Aeolian Abstracts and Papers
- Disappearing and shrinking dunes on Mars 2007-04 European Geophysical Union M. C. Bourke, K. S. Edgett, B. A. Cantor
- Mars Digital Dune Database: Progress and Application (in documentation) 2007-03 38th Lunar and Planetary Science Conference Abstract # 1360 R. K. Hayward, L. K. Fenton, T. N. Titus, T. M. Hare, K. F. Mullins, T. Colaprete, M. C. Bourke, P. R. Christensen
- Mars Digital Dune Database: More Preliminary Science Results (in documentation) 2007-03 38th Lunar and Planetary Science Conference LPI Contribution No. 1338, p.1486 L. K. Fenton, R. K. Hayward, K. F. Mullins, T. N. Titus, T. Colaprete
- Pilot Study of Higher Order Neighbor Statistics for Crescentic Dunes of the Martian North Polar Region 2007-03 38th Lunar and Planetary Science Conference LPI Contribution No. 1338, p.1414 A. J. Wheeler, M. A. Bishop
- Dark Dunes in Martian Craters 2007-03 38th Lunar and Planetary Science Conference LPI Contribution No. 1338, p.1569 D. Tirsch, R. Jaumann, D. Reiss, J. Helbert, F. Forget, E. Millour, F. Poulet, G. Neukum
- Stratigraphy and landscape evolution of Chasma Boreale 2007-03 38th Lunar and Planetary Science Conference Abstract # 1856 K. Tanaka, M. C. Bourke
- Constraints on the structure and composition of sand dunes within Olympia Undae using Mars Odyssey Neutron Spectrometer data (on the web) 2007-03 38th Lunar and Planetary Science Conference Abstract # 2311 W. C. Feldman, M. C. Bourke, R. C. Elphic, S. Maurice, T. H. Prettyman, D. J. Lawrence, J. J. Hagerty
- First Evidence of Dune Movement on Mars 2006-12 Eos, Transactions, American Geophysical Union, Fall MeetingAbstract # P31B-0128 M. C. Bourke, K. S. Edgett
- Dune migration and slip face advancement in the Rabe Crater dune field, Mars 2006-10 Geophysical Research Letters 33(20), L20201, doi: 10.1029/2006GL027133 L. K. Fenton
- A comparison of methods used to estimate the height of sand dunes on Mars 2006-09 Geomorphology 81 M. C. Bourke, M. Balm, R. Beyer, K. K. Williams, J. Zimbelman
- Barchan dune morphodynamics and linear dune formation on Mars 2006-07 Sixth International Conference of Aeolain Research, Guelph, Canada M. C. Bourke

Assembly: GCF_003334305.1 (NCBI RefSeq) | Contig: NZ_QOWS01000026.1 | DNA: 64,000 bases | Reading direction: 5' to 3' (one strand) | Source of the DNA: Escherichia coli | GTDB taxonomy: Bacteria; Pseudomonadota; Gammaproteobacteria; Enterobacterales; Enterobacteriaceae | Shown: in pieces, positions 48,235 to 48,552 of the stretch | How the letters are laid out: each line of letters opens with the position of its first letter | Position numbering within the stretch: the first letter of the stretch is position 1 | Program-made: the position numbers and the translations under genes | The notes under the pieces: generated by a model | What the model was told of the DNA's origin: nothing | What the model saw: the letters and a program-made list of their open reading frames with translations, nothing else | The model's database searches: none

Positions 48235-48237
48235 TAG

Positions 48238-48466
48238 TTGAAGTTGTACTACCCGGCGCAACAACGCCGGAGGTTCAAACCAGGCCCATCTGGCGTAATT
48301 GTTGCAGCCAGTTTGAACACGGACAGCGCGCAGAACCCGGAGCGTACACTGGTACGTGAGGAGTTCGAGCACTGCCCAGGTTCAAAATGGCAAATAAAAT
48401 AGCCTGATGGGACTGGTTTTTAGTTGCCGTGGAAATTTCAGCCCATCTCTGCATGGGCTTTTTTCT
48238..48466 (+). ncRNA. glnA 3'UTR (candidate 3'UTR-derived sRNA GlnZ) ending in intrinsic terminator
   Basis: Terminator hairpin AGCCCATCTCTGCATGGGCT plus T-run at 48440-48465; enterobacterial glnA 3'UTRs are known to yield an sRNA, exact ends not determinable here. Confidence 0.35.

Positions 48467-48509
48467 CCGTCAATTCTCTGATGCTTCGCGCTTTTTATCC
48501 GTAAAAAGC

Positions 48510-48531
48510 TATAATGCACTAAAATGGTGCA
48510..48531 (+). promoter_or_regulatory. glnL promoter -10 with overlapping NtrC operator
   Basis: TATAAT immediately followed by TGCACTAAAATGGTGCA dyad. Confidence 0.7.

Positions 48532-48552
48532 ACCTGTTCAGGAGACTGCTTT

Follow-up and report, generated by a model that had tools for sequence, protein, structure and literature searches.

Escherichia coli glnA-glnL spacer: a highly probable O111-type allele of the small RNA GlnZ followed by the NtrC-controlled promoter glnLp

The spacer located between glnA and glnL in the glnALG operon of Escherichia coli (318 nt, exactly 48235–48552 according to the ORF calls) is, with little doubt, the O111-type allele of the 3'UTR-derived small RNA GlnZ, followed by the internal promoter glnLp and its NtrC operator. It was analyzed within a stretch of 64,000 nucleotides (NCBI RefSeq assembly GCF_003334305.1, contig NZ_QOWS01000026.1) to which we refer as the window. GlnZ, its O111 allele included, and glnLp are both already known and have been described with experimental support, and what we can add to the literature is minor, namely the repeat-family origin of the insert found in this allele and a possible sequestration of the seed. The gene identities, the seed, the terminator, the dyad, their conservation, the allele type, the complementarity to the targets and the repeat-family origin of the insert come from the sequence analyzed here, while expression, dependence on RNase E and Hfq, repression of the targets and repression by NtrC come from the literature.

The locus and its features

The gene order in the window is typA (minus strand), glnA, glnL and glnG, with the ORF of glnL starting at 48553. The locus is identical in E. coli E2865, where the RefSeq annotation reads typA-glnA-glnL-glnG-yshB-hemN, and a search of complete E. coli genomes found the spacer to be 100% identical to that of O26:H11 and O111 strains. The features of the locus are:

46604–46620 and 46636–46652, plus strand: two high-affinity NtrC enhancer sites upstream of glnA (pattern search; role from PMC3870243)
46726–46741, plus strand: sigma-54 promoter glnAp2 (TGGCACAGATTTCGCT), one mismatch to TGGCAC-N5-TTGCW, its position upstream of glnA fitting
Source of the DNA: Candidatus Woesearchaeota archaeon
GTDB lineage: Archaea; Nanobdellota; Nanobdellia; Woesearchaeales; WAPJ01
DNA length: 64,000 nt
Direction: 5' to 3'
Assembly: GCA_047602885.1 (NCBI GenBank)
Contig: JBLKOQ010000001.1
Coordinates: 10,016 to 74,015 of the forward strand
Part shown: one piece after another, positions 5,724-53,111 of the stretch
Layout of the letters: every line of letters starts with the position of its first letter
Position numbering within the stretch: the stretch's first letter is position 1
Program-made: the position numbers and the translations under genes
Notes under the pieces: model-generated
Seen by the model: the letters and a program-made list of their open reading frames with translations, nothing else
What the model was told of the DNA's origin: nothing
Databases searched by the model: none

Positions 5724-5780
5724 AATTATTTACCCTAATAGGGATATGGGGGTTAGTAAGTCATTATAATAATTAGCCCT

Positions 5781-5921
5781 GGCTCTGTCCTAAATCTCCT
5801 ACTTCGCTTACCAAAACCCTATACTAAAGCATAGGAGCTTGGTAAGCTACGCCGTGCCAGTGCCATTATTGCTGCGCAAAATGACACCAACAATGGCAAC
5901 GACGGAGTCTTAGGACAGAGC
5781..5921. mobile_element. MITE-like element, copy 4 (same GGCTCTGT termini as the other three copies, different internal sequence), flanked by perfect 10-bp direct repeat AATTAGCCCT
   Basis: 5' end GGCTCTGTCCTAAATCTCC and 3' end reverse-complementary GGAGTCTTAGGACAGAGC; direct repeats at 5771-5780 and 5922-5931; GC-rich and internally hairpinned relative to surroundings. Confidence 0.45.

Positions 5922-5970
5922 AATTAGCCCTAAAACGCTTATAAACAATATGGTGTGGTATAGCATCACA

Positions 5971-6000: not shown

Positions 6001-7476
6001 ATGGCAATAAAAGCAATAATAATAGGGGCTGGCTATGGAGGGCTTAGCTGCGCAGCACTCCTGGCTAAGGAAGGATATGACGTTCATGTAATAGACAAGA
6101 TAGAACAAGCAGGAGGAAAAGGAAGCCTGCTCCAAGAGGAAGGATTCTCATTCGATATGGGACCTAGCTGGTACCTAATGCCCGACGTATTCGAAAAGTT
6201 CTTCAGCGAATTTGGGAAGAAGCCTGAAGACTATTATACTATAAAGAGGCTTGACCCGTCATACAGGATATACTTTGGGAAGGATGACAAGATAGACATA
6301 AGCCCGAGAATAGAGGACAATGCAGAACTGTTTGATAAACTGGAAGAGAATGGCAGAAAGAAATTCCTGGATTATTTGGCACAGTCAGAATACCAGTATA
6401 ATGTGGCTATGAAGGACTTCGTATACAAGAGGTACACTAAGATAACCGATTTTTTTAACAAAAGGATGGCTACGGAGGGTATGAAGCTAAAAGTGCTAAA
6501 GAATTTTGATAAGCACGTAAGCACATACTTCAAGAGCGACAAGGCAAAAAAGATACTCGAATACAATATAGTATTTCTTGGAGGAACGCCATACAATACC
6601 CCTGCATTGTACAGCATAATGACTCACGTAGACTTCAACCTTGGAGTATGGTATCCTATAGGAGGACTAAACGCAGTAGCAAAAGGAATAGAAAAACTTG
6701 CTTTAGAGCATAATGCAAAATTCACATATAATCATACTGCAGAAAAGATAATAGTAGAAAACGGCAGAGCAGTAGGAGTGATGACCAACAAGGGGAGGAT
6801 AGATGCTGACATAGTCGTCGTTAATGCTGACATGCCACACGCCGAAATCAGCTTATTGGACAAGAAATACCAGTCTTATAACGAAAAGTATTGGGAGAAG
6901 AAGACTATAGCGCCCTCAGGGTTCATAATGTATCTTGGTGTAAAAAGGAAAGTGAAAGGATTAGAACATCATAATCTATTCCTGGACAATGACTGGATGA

- Transverse aeolian ridges (TARs) on Mars 2006-07 Sixth International Conference of Aeolain Research, Guelph, Canada M. Balm, D. C. Berman, M. C. Bourke
- Thermal properties of sand from Thermal Emission Spectrometer (TES) and Thermal Emission Imaging System (THEMIS): Spatial variations within the Proctor Crater dune field on Mars 2006-06 Journal of Geophysical Research 111(E6), E06014, doi:10.1029/2004JE002363 L. K. Fenton, M. T. Mellon
- A new model for linear dune formation: merged barchan convoys on Mars. 2006-03 37th Lunar and Planetary Science Conference Abstract # 1362 M. C. Bourke
- Potential sand sources for the dune fields in Noachis Terra, Mars 2005-11 Journal of Geophysical Research 110(E11), E11004, doi:10.1029/2005JE002436 L. K. Fenton
- Aeolian processes in Proctor Crater on Mars: Mesoscale modeling of dune-forming winds 2005-06 Journal of Geophysical Research 110(E6), E06005, doi:10.1029/2004JE002309 L. K. Fenton, A. D. Toigo, M. I. Richardson
- Alluvial fans on dunes in Kaiser Crater suggest niveo-aeolian and denivation processes on Mars 2005-03 36th Lunar and Planetary Science Conference Abstract # 2372 M. C. Bourke
- Preliminary results from a new study of transverse aeolian ridges (TARS) on Mars 2005-03 36th Lunar and Planetary Science Conference Abstract # 1892 M. Balm, M. C. Bourke
- Seasonal Movement of Material on Dunes in Proctor Crater, Mars: Possible Present-Day Sand Saltation 2005-03 36th Lunar and Planetary Science Conference Abstract #2169 L. K. Fenton
- Mars Digital Dune Database (in documentation) 2004-12 Eos, Transactions, American Geophysical Union, Fall MeetingSuppl., 85 (46), abstract P31B-0984. R. K. Hayward, T. N. Titus, K. F. Mullins, L. K. Fenton, M. C. Bourke, P. R. Christensen
- Niveo-aeolian and Denivation Deposits on Mars 2004-12 Eos, Transactions, American Geophysical Union, Fall MeetingAbstract # P21B-01 M. C. Bourke
- Dynamics of unusual debris flows on Martian sand dunes 2004-08 Geophysical Research Letters 31, 10.1029/2004GL020313 H. Miyamoto, J. M. Dohm, V. R. Baker, R. Beyer, M. C. Bourke